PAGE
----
player0:
  %11111111
  %10100101
  %10100101
  %10111101
  %10111101
  %10100101
  %10100101
  %11111111
end

  rem * Main game loop starts here.
gameloop

  scorecolor = 158
  COLUP0 = 28
  drawscreen

  rem * Move player0 if joystick is used and don't allow border crossing.
  if joy0up && player0y > 10 then player0y = player0y - 1
  if joy0down && player0y < 89 then player0y = player0y + 1
  if joy0left && player0x > 15 then player0x = player0x - 1
  if joy0right && player0x < 167 then player0x = player0x + 1

  rem * Move ball and don't allow border crossing and detect colision with player0.
  if bally < 3 then directiony =  1
  if bally > 87 then directiony = 255
  if ballx < 16 then directionx = 1
  if ballx > 174 then directionx = 255
  if collision(player0,ball) then directionx = directionx^254 : directiony = directiony^254 : score = score + 10

  ballx = ballx + directionx : bally = bally + directiony

  if switchreset then goto gamestart

  goto gameloop

Edited by Random Terrain, Thu Sep 8, 2005 11:41 PM.


#5 danwinslow OFFLINE  

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Posted Thu Sep 8, 2005 3:40 PM

a=a*(-1)

? maybe.

#6 batari OFFLINE  

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Posted Thu Sep 8, 2005 3:45 PM

a=a*(-1)

? maybe.

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Not yet - it will get confused by the parens.

I am a little surprised that a=-a does not work - I thought I programmed this in. I guess I did it wrong :? Either way, a=0-a will work.

#7 Zach OFFLINE  

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Posted Thu Sep 8, 2005 4:44 PM

For 1 and -1, a = a ^ 254 would work too. Plus, it should produce more efficient code. A lot of people here would be happy to explain why it works if you're interested.

Edited by Zach, Thu Sep 8, 2005 4:52 PM.


#8 Random Terrain OFFLINE  

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Posted Thu Sep 8, 2005 7:25 PM

I am a little surprised that a=-a does not work - I thought I programmed this in.  I guess I did it wrong :? Either way, a=0-a will work.

View Post

Thanks. That works. I'm really bad at math, so there is no way I would have come up with that.


For 1 and -1, a = a ^ 254 would work too. Plus, it should produce more efficient code. A lot of people here would be happy to explain why it works if you're interested.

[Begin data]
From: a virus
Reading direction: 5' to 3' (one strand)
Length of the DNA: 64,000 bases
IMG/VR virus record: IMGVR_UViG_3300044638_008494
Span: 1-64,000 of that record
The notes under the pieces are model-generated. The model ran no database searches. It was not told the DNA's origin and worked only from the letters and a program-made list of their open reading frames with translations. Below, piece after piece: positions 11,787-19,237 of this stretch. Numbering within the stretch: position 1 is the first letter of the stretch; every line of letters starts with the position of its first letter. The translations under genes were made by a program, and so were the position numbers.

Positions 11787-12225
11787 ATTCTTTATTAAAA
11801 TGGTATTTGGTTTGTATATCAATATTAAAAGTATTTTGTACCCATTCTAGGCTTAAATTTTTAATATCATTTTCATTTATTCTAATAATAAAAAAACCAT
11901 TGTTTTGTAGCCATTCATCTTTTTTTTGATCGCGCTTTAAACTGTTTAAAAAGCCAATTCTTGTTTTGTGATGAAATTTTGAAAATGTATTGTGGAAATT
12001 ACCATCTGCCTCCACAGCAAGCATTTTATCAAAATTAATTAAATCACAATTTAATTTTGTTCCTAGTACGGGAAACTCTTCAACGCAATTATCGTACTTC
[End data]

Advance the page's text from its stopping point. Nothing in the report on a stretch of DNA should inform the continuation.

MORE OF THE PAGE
View Post

That also works. Is one better than the other without a doubt?

Which one should I go with?

a = a^254

or

a=0-a


Thanks.

#9 SeaGtGruff OFFLINE  

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Posted Thu Sep 8, 2005 11:15 PM

I am a little surprised that a=-a does not work - I thought I programmed this in.  I guess I did it wrong :? Either way, a=0-a will work.

View Post

Thanks. That works. I'm really bad at math, so there is no way I would have come up with that.


For 1 and -1, a = a ^ 254 would work too. Plus, it should produce more efficient code. A lot of people here would be happy to explain why it works if you're interested.

View Post

That also works. Is one better than the other without a doubt?

Which one should I go with?

a = a^254

or

a=0-a


Thanks.

View Post


That depends on what you need to do.

"a = 0 - a" compiles as "LDA #0:SEC:SBC a:STA a," which takes 7 bytes, and uses 10 machine cycles.

"a = a ^ 254" compiles as "LDA a:EOR #254:STA a," which takes 6 bytes, and uses 8 machine cycles.

Thus, "a = a ^ 254" is more space-efficient and time-efficient than "a = 0 - a."

*However*, "a = 0 - a" flips between a and -a for any value of a (e.g., 2 and -2, or 3 and -3, or 4 and -4, etc.), whereas "a = a ^ 254" flips between a and -a if and only if a happens to be equal to 1.

That's because if a is equal to 1, then it's flipping between %00000001 (1, which is +1 if the byte is considered to be a signed number) and %11111111 (255, which is -1 if the byte is considered to be a signed number).

If a is anything other than 1, then "a = a ^ 254" will produce some value other than -a. For example, if a is equal to 2 (%00000010), then "a = a ^ 254" will result in %11111100 (253, which is -3 if the byte is considered to be a signed number).

So it all depends on whether you're specifically wanting to flip between 1 and -1, or whether you're actually wanting to flip between a and -a for any a.

Michael Rideout

#10 Random Terrain OFFLINE  

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Posted Thu Sep 8, 2005 11:37 PM

That depends on what you need to do.

"a = 0 - a" compiles as "LDA #0:SEC:SBC a:STA a," which takes 7 bytes, and uses 10 machine cycles.